Durable goods orders dropped more than expected in May after increasing the two prior months, providing fresh evidence Friday of the weakness in the American manufacturing sector.
New orders for manufactured durable goods like cars, aircraft, electronics and machinery fell 2.2% in May after a 3.3% jump in April, according to Commerce Department reports. Analysts on average forecast a modest 0.6% decline.
“A pullback in May was expected, but the larger than anticipated, broad-based decline serves to reinforce underlying weakness,” said Sophia Kearney-Lederman, an economic analyst at FTN Financial. Kearney-Lederman pointed to the impact of the strong dollar, which has only surged higher following Britain’s unexpected vote Thursday to exit the European Union.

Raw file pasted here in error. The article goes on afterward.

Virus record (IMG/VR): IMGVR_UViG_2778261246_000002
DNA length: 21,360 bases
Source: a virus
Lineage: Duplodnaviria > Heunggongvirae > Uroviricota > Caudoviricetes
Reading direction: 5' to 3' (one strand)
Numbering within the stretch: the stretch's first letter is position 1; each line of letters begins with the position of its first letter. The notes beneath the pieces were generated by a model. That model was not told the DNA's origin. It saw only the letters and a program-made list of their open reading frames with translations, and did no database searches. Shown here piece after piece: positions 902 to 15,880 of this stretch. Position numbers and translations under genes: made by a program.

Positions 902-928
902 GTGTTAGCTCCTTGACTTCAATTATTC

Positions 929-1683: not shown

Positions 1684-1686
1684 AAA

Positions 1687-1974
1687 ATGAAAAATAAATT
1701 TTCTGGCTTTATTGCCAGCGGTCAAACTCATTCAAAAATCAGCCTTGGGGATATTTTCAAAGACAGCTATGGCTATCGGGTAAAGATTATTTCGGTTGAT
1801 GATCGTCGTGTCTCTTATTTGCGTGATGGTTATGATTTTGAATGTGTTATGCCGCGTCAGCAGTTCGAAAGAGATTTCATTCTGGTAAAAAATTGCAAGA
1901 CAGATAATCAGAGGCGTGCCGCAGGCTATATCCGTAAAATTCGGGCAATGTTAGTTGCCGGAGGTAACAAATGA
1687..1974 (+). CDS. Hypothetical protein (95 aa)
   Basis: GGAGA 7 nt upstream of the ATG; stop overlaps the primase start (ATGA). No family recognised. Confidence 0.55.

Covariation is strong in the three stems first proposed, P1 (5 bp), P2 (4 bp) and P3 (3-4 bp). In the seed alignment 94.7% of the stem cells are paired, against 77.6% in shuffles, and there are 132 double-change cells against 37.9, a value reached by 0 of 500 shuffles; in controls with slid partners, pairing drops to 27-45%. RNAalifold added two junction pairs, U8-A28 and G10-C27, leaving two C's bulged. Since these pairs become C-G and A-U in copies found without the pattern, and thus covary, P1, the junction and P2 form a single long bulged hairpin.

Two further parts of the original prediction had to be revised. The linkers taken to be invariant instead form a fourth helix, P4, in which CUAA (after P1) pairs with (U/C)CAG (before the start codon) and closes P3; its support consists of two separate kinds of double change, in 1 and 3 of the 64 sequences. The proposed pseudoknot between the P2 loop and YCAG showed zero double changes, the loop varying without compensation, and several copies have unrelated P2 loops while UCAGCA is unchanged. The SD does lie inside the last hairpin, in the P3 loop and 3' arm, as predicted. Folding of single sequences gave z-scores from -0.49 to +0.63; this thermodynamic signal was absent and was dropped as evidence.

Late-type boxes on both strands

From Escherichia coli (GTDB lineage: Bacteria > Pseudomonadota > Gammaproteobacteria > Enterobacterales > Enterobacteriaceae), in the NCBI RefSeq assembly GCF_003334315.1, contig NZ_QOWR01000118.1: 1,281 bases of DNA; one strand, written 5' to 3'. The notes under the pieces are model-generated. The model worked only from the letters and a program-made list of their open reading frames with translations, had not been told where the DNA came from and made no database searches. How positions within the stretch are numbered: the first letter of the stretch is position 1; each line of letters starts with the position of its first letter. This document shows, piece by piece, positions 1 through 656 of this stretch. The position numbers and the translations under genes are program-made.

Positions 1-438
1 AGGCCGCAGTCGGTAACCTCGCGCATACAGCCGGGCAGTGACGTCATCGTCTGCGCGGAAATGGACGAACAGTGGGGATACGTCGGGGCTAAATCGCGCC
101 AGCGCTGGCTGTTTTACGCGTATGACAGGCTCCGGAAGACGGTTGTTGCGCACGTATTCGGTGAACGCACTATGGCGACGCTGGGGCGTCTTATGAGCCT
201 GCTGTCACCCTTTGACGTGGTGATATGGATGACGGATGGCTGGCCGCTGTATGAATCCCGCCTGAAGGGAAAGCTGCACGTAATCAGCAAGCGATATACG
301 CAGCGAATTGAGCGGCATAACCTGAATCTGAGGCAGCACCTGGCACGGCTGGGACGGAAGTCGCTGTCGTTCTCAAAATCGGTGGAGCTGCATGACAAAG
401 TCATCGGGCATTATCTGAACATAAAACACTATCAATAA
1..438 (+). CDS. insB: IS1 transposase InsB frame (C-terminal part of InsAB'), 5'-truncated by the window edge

“A strong dollar and softening global growth has weighed on demand for US goods for much of the last two years. So far today, post-Brexit, the dollar has strengthened nearly 2.3%,” she said in a client note.
The volatile transportation sector was a leading factor in the May downturn.
New transportation orders, which typically swing sharply month-over-month, tumbled 5.6% in May. Orders for defense aircraft dived 34.1%. Commercial aircraft orders rose a modest 1.0% after soaring in April.
New orders for motor vehicles fell 2.8% in May, reflecting a slight cooling in U.S. auto sales.
Excluding transportation, durable goods orders fell 0.3% from April.
Copyright Agence France-Presse, 2016